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I'm in the process of porting some iOS3 code over to iOS5. Originally I was using a singleton for a global data store. It was providing a single instance of any data I needed to access across view controllers and was primarily populated with data I pull from a server.

In the iOS3 version I used Matt Gallagher's singleton implementation for my data store. With iOS5, however, I want to use ARC so I moved to Luke Redpath's GCD implementation.

Now I'm having trouble with some of the code that pulls server data. In the singleton init function I attempt to populate the singleton by polling my server. Server communication is handled by a separate class. The communication class uses credential data stored in the singleton and this seems to be where I'm running into trouble. Stepping through the code, my server com routine exits when I hit the line of code that accesses the singleton. No error, no warning, the routine just exits when it hits the singleton access line.

The singleton is working correctly in other places so I assume this has something to do with the circular reference to the singleton (singleton instantiates the server class that attempts to access the singleton).

At this point I'm not sure how to proceed. I would rather not restructure my code for the port. Any suggestions on a) what my issue might be and b) other alternatives to create a single, globally accessible, instance of my server data?


Using Apple's singleton design pattern, as suggested by sosborn, causes issues with the following block of code in the init routine of my singleton.

// enable the location controller
locationController = [[LocationController alloc] init];
locationController.delegate = self;
[locationController.locationManager startUpdatingLocation];

On the last line I get an EXC_BAD_ACCESS with

warning: Unable to restore previously selected frame.

I assume this is a memory management issue. Based on Apple's documentation, I did not override any of the memory management routines.

If you want a singleton instance (created and controlled by the class factory method) but also have the ability to create other instances as needed through allocation and initialization, do not override allocWithZone: and the other methods following it as shown in Listing 2-15.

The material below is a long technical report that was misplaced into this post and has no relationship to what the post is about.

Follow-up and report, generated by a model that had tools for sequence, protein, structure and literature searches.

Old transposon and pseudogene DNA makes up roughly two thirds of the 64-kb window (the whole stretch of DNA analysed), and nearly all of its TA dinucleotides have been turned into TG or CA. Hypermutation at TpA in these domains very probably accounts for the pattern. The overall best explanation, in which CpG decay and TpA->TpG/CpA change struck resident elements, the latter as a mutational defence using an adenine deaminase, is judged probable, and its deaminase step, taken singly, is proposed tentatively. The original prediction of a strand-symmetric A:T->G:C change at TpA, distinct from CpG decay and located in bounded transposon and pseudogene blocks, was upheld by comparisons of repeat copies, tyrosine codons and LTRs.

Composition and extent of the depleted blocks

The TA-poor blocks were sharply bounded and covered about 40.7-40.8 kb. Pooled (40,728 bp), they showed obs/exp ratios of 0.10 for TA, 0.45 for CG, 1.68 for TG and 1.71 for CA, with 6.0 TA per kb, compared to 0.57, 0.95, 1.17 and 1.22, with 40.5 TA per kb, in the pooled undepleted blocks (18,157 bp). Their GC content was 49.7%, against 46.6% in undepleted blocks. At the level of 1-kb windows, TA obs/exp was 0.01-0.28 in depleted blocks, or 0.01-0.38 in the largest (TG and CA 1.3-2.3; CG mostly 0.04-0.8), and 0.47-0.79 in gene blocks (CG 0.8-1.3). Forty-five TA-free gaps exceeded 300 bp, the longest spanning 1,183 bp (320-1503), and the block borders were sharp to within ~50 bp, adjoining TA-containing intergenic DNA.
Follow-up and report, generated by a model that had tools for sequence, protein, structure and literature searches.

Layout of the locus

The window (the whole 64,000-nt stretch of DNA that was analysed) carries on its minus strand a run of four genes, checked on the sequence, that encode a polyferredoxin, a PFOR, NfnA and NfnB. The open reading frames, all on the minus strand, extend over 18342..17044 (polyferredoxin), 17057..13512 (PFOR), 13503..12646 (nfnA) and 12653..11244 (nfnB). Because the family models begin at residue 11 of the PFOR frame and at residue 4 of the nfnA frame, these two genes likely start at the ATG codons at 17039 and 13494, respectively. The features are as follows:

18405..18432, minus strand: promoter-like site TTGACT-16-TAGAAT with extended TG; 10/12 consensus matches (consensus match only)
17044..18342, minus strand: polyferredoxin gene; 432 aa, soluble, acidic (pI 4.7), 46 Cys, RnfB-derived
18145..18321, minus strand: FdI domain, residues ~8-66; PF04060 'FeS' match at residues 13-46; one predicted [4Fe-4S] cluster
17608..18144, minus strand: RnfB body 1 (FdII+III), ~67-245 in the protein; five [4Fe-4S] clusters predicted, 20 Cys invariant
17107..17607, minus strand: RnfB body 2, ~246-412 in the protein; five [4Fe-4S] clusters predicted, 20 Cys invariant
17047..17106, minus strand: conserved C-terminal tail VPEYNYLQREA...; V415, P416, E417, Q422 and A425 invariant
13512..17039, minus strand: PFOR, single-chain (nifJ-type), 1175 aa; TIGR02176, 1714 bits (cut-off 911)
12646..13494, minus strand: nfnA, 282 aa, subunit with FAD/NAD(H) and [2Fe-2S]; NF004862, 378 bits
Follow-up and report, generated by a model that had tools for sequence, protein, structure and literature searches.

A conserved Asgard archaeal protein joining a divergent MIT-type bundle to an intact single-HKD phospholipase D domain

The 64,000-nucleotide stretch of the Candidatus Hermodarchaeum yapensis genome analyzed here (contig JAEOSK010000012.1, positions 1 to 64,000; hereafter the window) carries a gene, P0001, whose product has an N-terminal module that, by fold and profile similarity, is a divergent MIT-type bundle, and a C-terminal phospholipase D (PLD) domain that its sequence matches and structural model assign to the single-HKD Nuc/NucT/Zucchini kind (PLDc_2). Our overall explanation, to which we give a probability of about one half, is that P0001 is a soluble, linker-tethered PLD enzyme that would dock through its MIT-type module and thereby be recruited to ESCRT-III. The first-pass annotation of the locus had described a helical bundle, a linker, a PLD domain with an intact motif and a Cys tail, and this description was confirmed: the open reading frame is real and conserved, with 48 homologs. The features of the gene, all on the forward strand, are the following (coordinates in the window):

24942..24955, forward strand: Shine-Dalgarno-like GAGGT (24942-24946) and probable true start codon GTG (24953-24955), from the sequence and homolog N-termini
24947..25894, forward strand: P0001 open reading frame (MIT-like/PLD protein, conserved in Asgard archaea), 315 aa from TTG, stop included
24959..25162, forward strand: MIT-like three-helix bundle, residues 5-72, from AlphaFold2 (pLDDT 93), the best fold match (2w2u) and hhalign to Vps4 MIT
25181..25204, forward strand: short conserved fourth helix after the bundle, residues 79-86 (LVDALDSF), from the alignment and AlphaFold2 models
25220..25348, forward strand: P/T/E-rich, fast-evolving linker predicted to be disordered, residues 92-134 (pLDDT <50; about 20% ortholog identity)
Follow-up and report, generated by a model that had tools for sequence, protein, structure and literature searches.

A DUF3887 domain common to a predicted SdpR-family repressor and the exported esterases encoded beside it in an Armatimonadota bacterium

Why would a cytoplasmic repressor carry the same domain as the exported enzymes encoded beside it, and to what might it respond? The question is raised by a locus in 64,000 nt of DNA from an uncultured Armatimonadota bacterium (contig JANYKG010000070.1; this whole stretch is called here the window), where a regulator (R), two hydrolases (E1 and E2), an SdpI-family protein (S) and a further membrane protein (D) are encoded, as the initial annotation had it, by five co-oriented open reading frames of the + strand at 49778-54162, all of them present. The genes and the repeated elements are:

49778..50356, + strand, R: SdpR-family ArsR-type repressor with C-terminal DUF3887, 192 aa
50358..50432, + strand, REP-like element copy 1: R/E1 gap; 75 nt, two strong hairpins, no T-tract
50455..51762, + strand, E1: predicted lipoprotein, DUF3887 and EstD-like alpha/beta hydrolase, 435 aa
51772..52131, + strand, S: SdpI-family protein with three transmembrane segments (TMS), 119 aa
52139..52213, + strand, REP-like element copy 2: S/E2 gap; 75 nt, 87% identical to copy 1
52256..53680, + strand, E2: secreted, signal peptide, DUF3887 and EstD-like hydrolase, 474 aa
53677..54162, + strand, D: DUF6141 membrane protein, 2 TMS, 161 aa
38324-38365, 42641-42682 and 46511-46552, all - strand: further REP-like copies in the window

Did I do this incorrectly?

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3 Answers 3

Why not use Apple's recommended code for singletons?

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Hmm.. I attempted to do this as well, but my implementation was slightly different. This solution was causing my computer to freeze when executing in the simulator. Perhaps neglecting to write the memory management routines is where I went wrong. –  Jason George Mar 8 '12 at 14:31
Even people from apple dont like the "official" singleton implementation: stackoverflow.com/a/5720476/852828 –  jrturton Mar 8 '12 at 15:40
They might not like it but that doesn't mean it won't work. Try making your implemation exactly as they do and see if it works. –  sosborn Mar 8 '12 at 23:16

Sure sounds like the singleton class and its properties are not yet fully ready to go when you call them.

You mention doing a lot of network stuff in the init method. Any chance the object is not in a fully ready state when you call it?

If you have a lengthy process to complete before you can safely use an object, you might look at using a notification or delegate pattern to run the next step when things are ready to go.

For the case where the process bombs with no warnings, try using NSZombies to assist in the debug.

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up vote 0 down vote accepted

I was never able to fully resolve this issue. I finally decided to refactor the app using newer block-based HTTP request methods.

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